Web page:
Chapter 31

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Stanley approached the old man's bungalow with a sense of awe and mystery, as always. The place was like an abandoned structure. The yard was a wreck, with tall grass that reached up to Stanley's knees; the lawn looked like it hadn't been mowed in a month. Stanley always offered to cut it for him, but he insisted on doing the work himself, with a push-mower that looked like it was forty years old.

The shutters were rusty and loose and Stanley figured a good storm would likely tear them right off of the house. Once yellow with white trim, the home now sported a yolk-like color, with algae festering within the slabs of vinyl siding.

Doris ran up the front steps onto the tiny porch. At the door, she lifted her front paw and scratched. Bearing the imprints of many previous visits, the once-white door eased inward and Doris cautiously entered. Stanley followed and was engulfed by the dimness of the living room. When his eyes adjusted, he moved toward the kitchen, where he heard Doris's nails on the linoleum tile floor. Advancing through the dining room, Stanley felt like the air was heavy, foggy...like years of cooking fumes had been permanently trapped in the house, creating its own little atmosphere.

The kitchen was markedly brighter. Shards of sunlight parted the stagnant culinary vapors and illuminated the kitchen table, where an old coffee tin lay on its side, having spilled its contents: not ground beans, but rusted nails, nuts, bolts, marbles and a heap of intertwined rubber bands across the surface. Gramps was standing at the window, the one that faced the corn fields. He was so still that Stanley wondered if it was possible for old people to die standing up.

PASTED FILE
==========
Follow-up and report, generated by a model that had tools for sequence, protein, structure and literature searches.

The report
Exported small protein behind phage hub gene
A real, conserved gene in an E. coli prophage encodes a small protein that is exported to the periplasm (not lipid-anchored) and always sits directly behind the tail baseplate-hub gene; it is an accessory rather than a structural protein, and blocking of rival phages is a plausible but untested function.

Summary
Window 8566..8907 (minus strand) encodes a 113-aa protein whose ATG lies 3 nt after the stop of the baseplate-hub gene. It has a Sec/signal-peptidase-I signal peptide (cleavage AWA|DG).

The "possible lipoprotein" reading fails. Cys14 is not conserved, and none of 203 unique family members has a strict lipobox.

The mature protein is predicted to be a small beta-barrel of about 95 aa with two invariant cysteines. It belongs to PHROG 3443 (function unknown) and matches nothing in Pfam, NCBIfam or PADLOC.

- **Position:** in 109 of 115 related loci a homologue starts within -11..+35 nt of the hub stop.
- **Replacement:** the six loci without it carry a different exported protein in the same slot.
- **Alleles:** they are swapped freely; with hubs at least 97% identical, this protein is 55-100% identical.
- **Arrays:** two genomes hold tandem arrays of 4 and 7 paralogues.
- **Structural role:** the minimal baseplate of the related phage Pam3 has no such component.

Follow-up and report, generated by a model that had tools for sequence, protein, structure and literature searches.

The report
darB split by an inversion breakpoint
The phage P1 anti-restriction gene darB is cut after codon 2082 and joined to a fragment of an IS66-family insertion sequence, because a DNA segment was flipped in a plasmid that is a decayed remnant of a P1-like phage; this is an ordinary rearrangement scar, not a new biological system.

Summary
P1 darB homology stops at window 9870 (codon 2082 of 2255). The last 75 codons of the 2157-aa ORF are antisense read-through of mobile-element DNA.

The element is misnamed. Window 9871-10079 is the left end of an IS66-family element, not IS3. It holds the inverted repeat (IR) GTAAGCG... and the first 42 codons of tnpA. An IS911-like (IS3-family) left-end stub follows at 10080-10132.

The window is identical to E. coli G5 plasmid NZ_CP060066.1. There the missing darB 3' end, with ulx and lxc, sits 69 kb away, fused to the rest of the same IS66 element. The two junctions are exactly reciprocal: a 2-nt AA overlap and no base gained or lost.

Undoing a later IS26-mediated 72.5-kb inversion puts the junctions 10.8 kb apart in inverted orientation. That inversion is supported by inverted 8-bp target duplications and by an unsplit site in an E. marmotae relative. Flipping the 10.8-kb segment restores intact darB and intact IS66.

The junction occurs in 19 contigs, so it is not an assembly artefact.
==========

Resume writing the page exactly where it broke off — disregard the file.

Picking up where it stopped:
Doris whined with delight as she pranced around Gramps's feet, but he paid her no attention. Stanley said nothing but stared at the old man with growing dread. Maybe his heart had just stopped working, right here in the kitchen. There was a cup of coffee on the counter. Gramps always took it black. No cream, no sugar. He said he learned to drink it that way in the army. Stanley supposed this was true, although he had no way of validating it. Gramps said that in the army "...you got what you got and you didn't complain. When you were lucky enough to get a treat like hot coffee, you accepted it and were thankful." Then again, Gramps was known to embellish a story or two in his time.

No steam rose from the dark liquid, indicating that Gramps may have been in this position for a while. Stanley moved behind his grandfather, who now seemed like some unknown entity that had crept into the house from the woods. Some kind of space creature, right out of one of his comic books. It was well documented that they could shape-shift, or change forms to look like anything they chose, blend in. Maybe this wasn't his grandfather at all, but some extraterrestrial that had donned his skin as a disguise. As this idea ripened in the boy's mind, his pulse quickened.

At the counter, Stanley noted the spilt sugar bowl on its side. He touched the coffee mug. It was cool. Of course, it was - an alien wouldn't know what to do with a cup of coffee. Gramps had probably been in the middle of fixing it when the intruder caught him by surprise. Maybe it was the kind that infiltrated the brain. It might take hours or days before it discovered how to manipulate the limbs of its host.

Doris had stopped winding between Gramps' legs and curled up into a ball on the floor and sighed. Stanley crept back around the being by the window, toward the splayed blinds. Before peering outside, he looked back at the old man. His lips were slightly parted and appeared dry. His white beard was in need of a trim and it had crumbs embedded in it, just below his mouth. Looked like toast.

At the window, Stanley saw the dirt road that led to the right – east – up to his home. To the left and west, the road ran downhill, where it became a tiny bridge that spanned a narrow creek before climbing upward again. It eventually led to a small clearing by a fishing pond.

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